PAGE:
• Charge Controller/Inverter-Charger/Monitor Brands
    P.S. I should have offered this fresh video from Jared Gillis, as he discusses in some detail the discharge and charge temp limits for Battleborn batteries. Jared has a number of videos on monitors, RV electrical systems and such. He's also a professional installer of these systems.


  • Charge Controller/Inverter-Charger/Monitor Brands
    Ed, let me first praise Logan's observations. Many YT channels are being monetized by full-timers who support high computer use and, for them, perhaps a big investment is warranted. Even our good buddy and mentor here, Ray, falls into that category. But do appraise your own needs thoughtfully as what appears to be 'the best' or a 'norm' is simply not needed by most of us. And as one example, we lived for most of 11 years on the hook and off the grid while cruising our sailboat, and while we had a more sophisticated monitor/charger/inverter system than one sees today in RV's, the *only* source of our electricity - just as with all RVs who are away from RV parks - was a house bank, specifically as group of simple wet cell Trojan T-105's. So far we have camped down to single digit (F) temps with our wet cells (note the temp charging limits on Lithium batteries), rarely use our EU2200 because of 290W of solar (small by YT channel standards) and have yet to dip below 85%. Almost every RV has a vented battery compartment (and so exposed to outside temps), so "just" swapping out the batteries can become a "relocating" the batteries and wiring. Never going to be in cold country? If you're buying an RV, it would be a shame to exclude the wanderlust that comes with it. ;)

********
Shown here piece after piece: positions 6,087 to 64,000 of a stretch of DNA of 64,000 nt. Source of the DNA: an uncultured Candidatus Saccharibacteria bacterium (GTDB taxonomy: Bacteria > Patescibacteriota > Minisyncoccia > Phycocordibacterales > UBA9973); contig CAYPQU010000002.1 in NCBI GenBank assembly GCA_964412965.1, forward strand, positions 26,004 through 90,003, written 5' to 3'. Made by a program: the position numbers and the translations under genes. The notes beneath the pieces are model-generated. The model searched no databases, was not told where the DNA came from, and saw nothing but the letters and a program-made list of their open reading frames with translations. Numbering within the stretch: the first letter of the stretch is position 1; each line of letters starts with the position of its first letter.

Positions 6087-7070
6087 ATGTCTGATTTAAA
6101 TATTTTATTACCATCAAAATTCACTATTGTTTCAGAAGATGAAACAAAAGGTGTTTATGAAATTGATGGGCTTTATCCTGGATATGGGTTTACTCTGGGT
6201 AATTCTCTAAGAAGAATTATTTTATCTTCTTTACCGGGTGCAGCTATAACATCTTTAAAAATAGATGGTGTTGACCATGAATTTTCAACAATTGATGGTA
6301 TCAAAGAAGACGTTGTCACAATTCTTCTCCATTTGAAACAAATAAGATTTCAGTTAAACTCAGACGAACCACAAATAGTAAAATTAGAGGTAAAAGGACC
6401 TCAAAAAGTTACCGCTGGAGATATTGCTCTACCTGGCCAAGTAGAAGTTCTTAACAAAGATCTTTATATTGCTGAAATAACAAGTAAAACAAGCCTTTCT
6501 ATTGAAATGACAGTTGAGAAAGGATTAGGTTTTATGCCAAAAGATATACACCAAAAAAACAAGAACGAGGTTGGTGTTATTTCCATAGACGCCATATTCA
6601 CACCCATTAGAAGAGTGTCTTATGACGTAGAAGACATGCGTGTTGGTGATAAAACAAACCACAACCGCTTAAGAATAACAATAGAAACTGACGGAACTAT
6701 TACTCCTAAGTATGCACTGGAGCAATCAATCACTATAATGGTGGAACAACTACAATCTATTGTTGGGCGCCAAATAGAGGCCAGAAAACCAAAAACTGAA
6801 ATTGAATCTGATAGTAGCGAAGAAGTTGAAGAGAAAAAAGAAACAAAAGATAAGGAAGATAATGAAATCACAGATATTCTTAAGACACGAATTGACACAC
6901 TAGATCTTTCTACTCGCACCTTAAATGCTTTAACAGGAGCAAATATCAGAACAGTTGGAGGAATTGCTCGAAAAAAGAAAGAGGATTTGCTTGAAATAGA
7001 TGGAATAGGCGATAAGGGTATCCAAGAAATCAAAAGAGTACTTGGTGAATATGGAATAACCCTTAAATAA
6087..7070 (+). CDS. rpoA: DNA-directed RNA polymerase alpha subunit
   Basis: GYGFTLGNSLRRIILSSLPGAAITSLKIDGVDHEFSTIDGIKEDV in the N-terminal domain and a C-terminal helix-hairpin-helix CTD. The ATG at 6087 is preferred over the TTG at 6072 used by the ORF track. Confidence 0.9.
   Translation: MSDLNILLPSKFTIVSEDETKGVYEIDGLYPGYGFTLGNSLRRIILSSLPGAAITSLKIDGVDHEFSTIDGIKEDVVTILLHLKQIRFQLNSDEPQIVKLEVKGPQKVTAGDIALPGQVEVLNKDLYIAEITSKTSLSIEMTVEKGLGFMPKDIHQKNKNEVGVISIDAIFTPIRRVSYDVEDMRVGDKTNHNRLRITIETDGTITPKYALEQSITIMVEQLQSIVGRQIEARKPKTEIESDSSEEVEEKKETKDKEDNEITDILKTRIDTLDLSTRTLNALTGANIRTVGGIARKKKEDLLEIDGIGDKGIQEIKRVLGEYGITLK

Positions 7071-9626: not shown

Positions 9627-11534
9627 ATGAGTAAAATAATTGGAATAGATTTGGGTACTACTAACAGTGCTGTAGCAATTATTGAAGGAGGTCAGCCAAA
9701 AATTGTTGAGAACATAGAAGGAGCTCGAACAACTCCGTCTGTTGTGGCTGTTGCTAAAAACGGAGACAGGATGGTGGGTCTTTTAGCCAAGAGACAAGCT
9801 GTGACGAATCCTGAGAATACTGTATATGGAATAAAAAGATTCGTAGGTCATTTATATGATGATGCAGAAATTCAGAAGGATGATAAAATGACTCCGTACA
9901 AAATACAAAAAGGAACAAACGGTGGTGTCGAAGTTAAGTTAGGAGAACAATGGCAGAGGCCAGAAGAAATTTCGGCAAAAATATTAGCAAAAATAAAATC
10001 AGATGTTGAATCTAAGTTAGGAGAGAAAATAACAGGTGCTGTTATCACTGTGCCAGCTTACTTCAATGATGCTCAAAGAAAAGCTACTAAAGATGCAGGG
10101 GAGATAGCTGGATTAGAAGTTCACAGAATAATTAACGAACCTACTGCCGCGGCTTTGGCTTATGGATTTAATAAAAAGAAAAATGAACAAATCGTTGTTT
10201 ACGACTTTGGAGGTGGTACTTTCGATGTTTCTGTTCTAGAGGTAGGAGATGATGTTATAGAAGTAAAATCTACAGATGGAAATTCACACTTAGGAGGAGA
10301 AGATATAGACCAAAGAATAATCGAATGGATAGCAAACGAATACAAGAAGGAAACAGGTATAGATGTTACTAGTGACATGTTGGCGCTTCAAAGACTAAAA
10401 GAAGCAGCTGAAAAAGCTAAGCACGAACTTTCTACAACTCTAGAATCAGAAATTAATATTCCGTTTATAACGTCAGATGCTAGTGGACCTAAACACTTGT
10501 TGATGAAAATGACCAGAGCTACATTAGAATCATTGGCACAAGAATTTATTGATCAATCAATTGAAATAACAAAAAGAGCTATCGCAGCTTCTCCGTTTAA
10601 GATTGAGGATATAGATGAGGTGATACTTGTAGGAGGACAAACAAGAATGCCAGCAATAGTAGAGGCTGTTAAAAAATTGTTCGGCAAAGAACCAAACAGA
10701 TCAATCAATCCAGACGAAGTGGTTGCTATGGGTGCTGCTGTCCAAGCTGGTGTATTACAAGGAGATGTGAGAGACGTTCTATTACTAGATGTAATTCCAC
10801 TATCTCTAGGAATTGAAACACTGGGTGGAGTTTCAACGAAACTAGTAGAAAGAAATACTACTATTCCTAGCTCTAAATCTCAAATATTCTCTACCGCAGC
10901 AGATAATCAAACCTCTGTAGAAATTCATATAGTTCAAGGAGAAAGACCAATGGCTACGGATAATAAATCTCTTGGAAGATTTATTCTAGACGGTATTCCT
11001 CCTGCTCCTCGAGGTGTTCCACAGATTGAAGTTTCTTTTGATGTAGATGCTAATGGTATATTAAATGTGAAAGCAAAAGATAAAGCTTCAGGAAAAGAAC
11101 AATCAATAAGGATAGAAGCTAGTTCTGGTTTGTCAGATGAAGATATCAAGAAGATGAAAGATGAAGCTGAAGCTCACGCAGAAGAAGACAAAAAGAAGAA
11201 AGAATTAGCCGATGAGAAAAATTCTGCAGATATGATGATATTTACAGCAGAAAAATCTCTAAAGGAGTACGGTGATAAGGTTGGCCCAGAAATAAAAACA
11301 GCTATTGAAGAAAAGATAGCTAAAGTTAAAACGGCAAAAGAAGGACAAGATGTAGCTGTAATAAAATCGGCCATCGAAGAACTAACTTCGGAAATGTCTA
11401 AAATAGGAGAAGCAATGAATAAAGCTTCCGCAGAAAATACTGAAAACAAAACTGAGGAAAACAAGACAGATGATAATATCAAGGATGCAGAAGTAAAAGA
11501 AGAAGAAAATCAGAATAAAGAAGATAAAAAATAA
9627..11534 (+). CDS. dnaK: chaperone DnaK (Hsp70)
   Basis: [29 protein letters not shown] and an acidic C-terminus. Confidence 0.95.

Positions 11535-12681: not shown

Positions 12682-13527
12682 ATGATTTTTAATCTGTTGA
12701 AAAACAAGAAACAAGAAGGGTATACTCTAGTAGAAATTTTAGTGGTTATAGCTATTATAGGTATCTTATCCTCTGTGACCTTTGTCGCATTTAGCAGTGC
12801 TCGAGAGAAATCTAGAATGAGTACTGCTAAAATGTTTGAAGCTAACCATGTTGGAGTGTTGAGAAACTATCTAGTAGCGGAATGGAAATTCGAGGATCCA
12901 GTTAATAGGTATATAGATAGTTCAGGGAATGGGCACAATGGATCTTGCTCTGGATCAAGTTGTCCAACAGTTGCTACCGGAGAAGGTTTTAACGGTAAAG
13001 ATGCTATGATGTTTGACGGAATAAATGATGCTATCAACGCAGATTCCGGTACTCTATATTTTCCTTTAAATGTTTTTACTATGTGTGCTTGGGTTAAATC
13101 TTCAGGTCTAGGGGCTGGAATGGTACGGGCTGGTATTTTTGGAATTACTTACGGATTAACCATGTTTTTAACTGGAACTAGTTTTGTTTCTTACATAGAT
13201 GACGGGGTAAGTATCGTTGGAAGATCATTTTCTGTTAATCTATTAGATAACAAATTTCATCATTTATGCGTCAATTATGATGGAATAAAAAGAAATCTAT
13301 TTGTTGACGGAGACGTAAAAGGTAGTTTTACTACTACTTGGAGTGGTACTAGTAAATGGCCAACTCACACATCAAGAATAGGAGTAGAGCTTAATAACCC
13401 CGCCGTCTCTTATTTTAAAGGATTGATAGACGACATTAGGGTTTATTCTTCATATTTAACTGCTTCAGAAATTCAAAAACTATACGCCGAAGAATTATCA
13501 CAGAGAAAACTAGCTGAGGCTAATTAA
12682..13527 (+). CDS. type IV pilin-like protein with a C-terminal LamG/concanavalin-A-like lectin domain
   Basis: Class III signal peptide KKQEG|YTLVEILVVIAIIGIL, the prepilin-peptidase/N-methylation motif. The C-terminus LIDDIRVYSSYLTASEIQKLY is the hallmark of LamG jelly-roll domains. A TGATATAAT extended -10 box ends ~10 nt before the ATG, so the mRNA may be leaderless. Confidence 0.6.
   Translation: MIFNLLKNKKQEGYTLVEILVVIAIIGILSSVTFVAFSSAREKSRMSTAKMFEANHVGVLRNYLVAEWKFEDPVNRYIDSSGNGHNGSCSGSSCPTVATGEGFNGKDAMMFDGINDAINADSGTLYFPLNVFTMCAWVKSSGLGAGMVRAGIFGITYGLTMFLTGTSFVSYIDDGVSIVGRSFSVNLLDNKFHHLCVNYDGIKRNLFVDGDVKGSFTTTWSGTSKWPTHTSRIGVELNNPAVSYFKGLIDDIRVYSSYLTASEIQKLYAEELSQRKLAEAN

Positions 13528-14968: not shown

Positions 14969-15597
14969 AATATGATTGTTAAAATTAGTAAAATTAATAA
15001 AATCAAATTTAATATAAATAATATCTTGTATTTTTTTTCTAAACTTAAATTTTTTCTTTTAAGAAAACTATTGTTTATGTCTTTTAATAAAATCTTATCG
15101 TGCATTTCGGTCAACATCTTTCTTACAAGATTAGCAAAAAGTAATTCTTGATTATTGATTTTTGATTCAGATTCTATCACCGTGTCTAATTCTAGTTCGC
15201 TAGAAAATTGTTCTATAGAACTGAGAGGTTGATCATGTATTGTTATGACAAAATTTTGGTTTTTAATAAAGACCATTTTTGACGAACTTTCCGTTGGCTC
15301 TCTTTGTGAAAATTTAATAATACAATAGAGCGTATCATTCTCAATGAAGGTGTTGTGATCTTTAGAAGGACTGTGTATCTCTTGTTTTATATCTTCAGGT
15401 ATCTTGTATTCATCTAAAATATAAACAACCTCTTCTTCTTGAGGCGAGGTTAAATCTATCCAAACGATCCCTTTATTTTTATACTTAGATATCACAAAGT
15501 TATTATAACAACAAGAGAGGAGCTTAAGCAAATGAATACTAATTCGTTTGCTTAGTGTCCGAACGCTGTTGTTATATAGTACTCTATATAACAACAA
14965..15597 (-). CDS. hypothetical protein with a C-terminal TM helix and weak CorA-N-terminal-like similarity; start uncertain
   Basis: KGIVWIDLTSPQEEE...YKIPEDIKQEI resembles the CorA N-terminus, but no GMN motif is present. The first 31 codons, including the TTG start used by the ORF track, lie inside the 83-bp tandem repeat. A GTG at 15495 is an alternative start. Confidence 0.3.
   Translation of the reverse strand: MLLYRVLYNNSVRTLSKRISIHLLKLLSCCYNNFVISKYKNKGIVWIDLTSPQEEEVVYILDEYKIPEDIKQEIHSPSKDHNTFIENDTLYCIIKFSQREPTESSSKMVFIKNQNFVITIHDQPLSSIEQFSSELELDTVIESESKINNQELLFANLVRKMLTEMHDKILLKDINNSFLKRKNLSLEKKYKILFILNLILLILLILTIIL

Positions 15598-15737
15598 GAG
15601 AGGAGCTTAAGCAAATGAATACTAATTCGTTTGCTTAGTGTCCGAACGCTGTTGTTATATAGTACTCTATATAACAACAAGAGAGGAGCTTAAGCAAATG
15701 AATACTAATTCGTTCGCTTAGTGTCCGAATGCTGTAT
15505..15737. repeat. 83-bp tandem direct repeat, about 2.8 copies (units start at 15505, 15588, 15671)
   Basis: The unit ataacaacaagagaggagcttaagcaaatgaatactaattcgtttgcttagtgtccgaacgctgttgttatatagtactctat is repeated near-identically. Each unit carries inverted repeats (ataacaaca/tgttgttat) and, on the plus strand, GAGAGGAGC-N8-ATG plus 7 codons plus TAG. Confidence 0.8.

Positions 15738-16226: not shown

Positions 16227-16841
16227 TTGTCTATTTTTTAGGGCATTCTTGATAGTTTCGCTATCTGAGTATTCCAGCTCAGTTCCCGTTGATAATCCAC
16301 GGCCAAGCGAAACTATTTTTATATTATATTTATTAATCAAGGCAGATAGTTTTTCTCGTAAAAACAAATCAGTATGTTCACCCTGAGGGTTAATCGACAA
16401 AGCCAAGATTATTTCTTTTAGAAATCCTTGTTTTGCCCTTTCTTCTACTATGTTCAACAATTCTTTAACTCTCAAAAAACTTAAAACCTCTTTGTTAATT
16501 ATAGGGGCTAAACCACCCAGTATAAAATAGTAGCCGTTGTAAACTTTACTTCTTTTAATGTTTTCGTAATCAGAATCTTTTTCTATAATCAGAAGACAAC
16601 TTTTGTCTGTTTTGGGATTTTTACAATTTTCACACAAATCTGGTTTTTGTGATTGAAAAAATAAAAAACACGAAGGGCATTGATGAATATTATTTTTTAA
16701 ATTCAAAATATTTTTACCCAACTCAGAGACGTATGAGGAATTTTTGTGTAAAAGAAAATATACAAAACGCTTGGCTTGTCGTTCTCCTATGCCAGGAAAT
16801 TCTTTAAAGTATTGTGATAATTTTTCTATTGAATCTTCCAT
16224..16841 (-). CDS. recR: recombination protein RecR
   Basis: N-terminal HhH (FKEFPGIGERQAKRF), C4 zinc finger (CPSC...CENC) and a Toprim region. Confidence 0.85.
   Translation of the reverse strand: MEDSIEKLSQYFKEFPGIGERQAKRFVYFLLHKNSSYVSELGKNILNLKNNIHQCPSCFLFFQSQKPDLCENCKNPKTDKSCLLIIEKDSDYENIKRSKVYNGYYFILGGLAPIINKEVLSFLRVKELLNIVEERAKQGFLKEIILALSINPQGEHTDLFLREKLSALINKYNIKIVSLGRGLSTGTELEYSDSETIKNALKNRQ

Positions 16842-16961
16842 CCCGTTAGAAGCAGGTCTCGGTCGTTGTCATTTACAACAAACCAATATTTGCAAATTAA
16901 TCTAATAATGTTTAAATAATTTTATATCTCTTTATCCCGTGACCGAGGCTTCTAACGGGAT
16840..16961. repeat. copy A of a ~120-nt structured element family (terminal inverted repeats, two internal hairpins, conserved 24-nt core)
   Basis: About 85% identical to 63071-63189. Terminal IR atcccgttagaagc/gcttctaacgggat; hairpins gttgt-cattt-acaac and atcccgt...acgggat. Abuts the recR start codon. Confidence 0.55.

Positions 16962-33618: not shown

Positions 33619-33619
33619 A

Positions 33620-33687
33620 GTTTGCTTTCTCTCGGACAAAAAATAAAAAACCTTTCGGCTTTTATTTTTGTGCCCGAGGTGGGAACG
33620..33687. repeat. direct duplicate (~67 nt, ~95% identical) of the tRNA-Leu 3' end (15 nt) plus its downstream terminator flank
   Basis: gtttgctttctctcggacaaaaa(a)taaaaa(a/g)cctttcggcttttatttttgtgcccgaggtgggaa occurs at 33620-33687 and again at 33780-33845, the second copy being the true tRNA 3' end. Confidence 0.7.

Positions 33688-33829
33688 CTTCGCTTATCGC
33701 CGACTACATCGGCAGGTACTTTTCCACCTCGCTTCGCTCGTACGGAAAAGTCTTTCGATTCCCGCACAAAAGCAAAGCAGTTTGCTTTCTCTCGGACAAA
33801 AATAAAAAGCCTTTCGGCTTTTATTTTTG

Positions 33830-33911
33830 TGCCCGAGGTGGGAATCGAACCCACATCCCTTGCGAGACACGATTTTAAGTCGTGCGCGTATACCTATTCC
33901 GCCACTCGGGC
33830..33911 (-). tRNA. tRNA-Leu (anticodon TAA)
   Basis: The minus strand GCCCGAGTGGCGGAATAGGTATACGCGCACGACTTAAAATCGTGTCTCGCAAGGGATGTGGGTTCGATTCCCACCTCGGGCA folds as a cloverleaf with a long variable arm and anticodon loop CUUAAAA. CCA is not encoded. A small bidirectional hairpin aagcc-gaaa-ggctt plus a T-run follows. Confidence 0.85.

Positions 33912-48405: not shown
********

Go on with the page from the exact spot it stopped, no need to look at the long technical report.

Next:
Greg is spot-on about the depth and cleverness of the Victron product line. I installed their 712 bluetooth monitor and a Victron controller for the portable panel(s), and really appreciate using the iPhone to observe all the panels' performance. (With this capability, you can ignore how to run the data wire and where to mount the display, which can be an install hassle). However, I don't find Victron (the company) all that easy to work with when seeking info beyond the manuals (which are excellent) so a knowledgeable U.S. reseller might be a good idea vs. Amazon et al.. I also viewed a YT video just a few days ago that featured a very disappointed Victron controller owner who, when switching to Lithium batteries, found them incompatible, so double check that.

    Good luck to you. Just remember that, when it comes to electrical systems, it isn't about a 'best' choice but rather a 'most suitable' one.